Machine 3 is a HP DL380 G7 with:
Intel(R) Xeon(R) CPU X5675 @ 3.07GHz
24 CPUs: 2 package(s) x 6 core(s) x 2 hardware threads
AES-NI CPU Crypto: Yes (active)

I didn't do a clean install on the G7.  I moved the drive (SSD) from the G5 to the G7 for a quick comparison.  I'll try a clean install on the G7 in the next few days to be certain of correct NIC drivers.


Offline Derelict

  • Global Moderator
  • Hero Member
  • *****
  • Posts: 10256
  • Karma: +1175/-313
    • View Profile
That sounds like you are not doing something your specific ISP requires such as putting your traffic on a specific VLAN or setting a VLAN priority. Or you're just connecting things wrong.

Those Xeons should easily be able to saturate gigabit.

What is the NIC hardware? 9Are they igb, re, rl, or ??)
Las Vegas, Nevada, USA
Use this diagram to describe your issue.
The pfSense Book is now available for just $24.70!
Do Not PM For Help! NO_WAN_EGRESSTM

Offline droberts9070

  • Newbie
  • *
  • Posts: 3
  • Karma: +0/-0
    • View Profile
Hi,
I will research the NIC hardware this weekend.  I realized another variable I had introduced and then forgot about.  When I made the previous good measurements I was not using the Verizon supplied Quantum Gateway router.  I had the Verizon Optical Network Terminal (ONT) connected directly to a Cisco ASA 5550 with the 5550 doing the DHCP on the WAN.  That is where I measured the better performance.  Later I introduced the Quantum Gateway router directly connected to the ONT which is Verizon's preferred architecture.  That facilitates running a Verizon speed test router to test server without other variables on the consumer end.  All of my router to test server tests yield performance above 900 Mb/s in both directions. 

Since my post I have run several tests with different computers plugged into the Quantum Gateway router as are the pfSense systems.  I am getting a little better than what I measure behind pfSense, but still in the 600 to 700 Mb/s range.  It looks like the Quantum Gateway router is not able to service the provisioned rates.  Verizon claims that it is capable.  Perhaps it is in theory but that does not seem to hold up under measurement.  The www.dslreports.com/speedtest site indicates a serious BufferBloat issue.  Note: I am aware there are many external and internal variables with any speed test.  I get the feel by running many tests to several different speed test sites and looking at where they tend to average.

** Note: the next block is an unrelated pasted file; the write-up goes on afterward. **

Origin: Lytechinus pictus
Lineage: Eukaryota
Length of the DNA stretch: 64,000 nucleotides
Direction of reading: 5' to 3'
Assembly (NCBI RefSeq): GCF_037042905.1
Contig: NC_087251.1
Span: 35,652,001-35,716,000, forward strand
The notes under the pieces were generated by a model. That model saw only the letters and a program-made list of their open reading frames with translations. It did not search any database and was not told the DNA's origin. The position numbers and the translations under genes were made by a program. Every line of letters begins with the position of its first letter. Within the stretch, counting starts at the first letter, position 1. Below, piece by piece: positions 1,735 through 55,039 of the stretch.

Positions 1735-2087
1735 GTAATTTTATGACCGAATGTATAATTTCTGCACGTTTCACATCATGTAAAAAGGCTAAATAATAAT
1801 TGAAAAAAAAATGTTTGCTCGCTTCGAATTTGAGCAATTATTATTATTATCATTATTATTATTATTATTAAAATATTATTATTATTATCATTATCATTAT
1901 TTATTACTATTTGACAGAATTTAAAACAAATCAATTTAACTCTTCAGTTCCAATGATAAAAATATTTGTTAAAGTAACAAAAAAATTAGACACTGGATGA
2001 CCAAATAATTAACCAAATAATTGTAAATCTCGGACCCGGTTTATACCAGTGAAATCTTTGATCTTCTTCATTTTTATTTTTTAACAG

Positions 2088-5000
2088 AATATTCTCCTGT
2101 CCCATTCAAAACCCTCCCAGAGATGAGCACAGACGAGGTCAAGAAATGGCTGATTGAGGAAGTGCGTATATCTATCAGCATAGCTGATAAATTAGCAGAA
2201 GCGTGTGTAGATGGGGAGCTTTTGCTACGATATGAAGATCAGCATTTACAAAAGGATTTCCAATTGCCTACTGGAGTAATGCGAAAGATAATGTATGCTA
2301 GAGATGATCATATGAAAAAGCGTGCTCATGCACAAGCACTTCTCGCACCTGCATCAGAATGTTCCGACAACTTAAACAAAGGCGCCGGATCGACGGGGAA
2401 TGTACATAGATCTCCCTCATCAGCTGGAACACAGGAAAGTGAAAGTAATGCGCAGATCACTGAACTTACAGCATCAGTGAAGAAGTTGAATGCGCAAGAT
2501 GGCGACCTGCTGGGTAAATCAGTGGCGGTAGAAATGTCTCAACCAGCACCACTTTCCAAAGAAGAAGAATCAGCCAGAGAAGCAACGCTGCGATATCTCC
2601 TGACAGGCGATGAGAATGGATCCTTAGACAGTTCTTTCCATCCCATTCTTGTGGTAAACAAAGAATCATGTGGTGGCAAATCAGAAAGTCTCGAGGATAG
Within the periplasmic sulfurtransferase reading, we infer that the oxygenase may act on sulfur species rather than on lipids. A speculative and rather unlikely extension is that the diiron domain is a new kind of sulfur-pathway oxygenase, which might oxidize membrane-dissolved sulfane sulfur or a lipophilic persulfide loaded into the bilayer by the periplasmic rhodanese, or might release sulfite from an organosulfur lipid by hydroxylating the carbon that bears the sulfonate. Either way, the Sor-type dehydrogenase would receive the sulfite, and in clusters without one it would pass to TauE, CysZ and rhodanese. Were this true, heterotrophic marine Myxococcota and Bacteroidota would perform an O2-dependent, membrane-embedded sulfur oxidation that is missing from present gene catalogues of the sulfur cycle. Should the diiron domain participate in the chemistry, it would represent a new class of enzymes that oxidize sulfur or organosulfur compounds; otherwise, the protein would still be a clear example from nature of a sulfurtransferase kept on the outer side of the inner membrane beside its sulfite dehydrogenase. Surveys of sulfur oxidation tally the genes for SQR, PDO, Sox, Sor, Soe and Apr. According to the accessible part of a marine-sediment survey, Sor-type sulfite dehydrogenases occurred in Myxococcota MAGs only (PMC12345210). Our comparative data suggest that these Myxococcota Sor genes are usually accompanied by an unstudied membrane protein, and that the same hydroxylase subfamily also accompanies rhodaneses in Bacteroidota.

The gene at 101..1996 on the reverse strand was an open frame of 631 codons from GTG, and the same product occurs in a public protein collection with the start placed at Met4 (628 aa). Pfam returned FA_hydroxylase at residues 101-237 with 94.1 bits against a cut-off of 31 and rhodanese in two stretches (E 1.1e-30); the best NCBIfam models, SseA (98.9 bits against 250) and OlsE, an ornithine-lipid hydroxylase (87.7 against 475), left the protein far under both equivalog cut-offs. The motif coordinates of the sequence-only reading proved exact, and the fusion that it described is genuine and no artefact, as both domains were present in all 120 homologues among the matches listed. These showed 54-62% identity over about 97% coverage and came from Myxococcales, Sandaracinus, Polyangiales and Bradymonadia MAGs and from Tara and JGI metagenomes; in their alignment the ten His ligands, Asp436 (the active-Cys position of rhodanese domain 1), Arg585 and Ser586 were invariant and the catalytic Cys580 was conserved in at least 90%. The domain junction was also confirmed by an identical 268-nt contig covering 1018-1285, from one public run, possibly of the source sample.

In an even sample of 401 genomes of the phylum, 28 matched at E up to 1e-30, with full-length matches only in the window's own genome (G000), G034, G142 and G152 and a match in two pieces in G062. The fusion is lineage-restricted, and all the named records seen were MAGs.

One of the reasons I am evaluating pfSense is a candidate to replace my aging ASA-5550s that I originally picked up used on e-bay.  I do not have a source for Cisco firmware updates so they become less secure over time.  I would end up with more than one instance (I have several independent internal networks in my home)  so I do want to keep a router up front directly behind the ONT with the separate pfSense instances behind that.  I am currently looking at options in that area. 

Sorry I got long winded here.  Just letting you know that the numbers I reported are not fully attributable to the pfSense box.  There may be a component caused by the NICs that I will address later, but I need to eliminate the impact of the Quantum Gateway router first so it isn't contributing to the issue.

Thanks!
David

Offline droberts9070

  • Newbie
  • *
  • Posts: 3
  • Karma: +0/-0
    • View Profile
Update: My problem is solved. 

It was NOT the NICs at all.  I had turned in the Traffic Shaper and set just under the max provisioned rates.  Apparently the default algorithm was in conflict in some way with the FIOS algorithm and it had a large negative impact on throughput. 

I deleted the Traffic Shaper I now see around 900 Mb/s both directions with a maximum of 5% CPU utilization on my pfSense box.